Scott introduced the audience to the changed business environment in the Web 2.0 era, some important points being

  • You don’t own your ideas
  • It is really easy to start a business (and you don’t want to own the infrastructure)

First part of the workshop: Bottom up Innovation – A personal guide to Disrupting the World

  • Characteristics of web 2.0 innovators (don’t overcommit to solutions, don’t overplan strategy, embrace many points of view and transparency, …)
  • Traits (humble, flexible, facilitative, persuasive, collaborative, passionate, persistent – but not defensive)
  • They create cultures to manage (uncertainty, openness, leadership, management, hiring, strategy, competition, marketing, business and product development, …)

Nice thought and metaphor: “Web 2.0 innovators look at their business like a poker game, not a chess game”

– you don’t have all the information you need
– you constantly get more information from the other players
– you have to pay to play and for information
– every round there’s a new round of cards
– business case is useless, you just look at options

Nice example of Web 2.0 innovators view of strategy (comparing friendster, MySpace and Facebook) along axes of openness/closedness and awareness (also hinting at openness for evolving complementing business ecosystems)

Jotspot and Google as examples for how Web 2.0 innovators look at business models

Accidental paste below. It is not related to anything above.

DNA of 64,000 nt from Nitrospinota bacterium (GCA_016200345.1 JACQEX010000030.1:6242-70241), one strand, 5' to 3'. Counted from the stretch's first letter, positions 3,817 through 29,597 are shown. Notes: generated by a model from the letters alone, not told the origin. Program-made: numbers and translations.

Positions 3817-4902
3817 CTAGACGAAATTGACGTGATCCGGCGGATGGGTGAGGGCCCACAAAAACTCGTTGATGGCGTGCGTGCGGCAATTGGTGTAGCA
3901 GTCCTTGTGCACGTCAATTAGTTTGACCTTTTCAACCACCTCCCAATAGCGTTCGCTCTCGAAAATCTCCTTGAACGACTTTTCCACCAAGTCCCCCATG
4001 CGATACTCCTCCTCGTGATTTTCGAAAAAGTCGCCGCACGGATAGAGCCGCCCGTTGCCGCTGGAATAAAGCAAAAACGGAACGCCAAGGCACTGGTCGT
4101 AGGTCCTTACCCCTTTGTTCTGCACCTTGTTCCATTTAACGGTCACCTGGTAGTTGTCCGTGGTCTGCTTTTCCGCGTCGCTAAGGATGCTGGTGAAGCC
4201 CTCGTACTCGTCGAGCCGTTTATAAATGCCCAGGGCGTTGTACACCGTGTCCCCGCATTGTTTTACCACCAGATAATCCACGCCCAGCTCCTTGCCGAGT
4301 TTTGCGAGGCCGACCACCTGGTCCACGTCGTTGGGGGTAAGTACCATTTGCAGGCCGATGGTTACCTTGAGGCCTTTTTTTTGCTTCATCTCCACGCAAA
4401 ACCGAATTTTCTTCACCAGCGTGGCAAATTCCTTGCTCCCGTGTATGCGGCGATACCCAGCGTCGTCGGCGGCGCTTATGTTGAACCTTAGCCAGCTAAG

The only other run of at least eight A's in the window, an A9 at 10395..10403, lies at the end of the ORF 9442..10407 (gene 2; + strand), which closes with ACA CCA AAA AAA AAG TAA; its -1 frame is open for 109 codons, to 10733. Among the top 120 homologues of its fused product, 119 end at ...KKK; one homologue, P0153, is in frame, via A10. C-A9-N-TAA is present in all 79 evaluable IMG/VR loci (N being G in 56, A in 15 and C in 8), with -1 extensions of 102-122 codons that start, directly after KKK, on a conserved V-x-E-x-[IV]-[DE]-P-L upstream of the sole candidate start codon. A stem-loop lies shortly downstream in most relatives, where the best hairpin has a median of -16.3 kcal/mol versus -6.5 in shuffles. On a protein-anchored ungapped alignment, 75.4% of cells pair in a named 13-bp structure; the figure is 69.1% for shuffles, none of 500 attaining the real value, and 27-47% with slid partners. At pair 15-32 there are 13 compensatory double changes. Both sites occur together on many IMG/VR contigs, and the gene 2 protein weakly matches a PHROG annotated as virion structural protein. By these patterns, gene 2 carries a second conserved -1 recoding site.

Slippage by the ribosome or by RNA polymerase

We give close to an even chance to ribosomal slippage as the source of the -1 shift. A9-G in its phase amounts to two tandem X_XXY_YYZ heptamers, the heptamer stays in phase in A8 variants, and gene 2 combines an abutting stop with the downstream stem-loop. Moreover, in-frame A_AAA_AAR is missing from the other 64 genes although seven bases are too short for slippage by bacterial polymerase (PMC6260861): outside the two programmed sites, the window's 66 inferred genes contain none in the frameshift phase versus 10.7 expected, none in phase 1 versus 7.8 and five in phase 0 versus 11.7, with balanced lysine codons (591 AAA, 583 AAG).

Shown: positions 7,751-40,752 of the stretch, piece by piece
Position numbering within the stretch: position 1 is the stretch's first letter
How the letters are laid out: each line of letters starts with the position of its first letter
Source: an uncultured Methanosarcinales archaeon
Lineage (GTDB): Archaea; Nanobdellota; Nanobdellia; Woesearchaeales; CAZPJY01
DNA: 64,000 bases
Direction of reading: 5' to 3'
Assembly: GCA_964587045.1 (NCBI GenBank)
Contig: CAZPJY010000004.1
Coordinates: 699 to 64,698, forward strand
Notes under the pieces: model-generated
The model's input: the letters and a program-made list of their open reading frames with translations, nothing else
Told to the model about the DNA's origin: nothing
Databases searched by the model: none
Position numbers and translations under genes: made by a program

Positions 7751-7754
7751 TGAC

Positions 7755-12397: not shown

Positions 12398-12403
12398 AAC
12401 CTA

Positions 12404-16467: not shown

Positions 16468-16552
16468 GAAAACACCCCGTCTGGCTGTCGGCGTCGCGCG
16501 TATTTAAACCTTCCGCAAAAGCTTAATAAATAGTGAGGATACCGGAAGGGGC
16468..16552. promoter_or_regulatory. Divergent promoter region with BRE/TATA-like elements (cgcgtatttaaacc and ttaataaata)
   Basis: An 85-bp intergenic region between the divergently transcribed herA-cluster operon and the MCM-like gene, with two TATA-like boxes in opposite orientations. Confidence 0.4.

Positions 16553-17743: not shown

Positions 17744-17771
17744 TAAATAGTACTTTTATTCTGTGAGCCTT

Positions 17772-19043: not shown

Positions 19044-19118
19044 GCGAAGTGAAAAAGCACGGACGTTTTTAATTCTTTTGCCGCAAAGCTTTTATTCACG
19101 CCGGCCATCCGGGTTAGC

Web 2.0 innovators view of management (opportunity cost is the scarce resource, not people, time or money), comparing Yahoo (fear of false positives) and Google (fear of false negatives).

Web 2.0 innovators view themselves as facilitators rather than managers, and encourage smart divergence over quick convergence.

Continued after the break, in fact I have blogged notes on the second part of Scott Hirschs workshop over at my BMID-blog: Uncovering Strategies and Business Models

Blogs and wikis as Web 2.0 platforms …

Don Dodge on whether blogs and wikis can be (application) platforms …

Well, yes, they certainly are … fitting nicely in this big trend, where the web becomes the platform, e.g. have a look here or here, and for another application wiki check out this.

For the record, some notes by Don Dodge:

Application platforms are very profitable in the software business. Platforms attract developers. Developers build all kinds of interesting applications…which attracts users. Millions of users mean your platform will generate revenues for a long, long time.

Wikis and blogs are great collaboration tools, but they are now moving beyond that to become application platforms. Socialtext and JotSpot (acquired by Google) are building out suites of office productivity applications built on top of a wiki platform. Telligent and Blogtronix are building application platforms on top of the blog model.

Web 2.0 applications are more than just “webifying” existing apps. Web 2.0 applications are inherently interactive and collaborative at every level of the application. They are simple to build, easy to manage, and cheap to maintain. Increasingly they are being built on new platforms like blogs and wikis, and using new tools like AJAX and REST.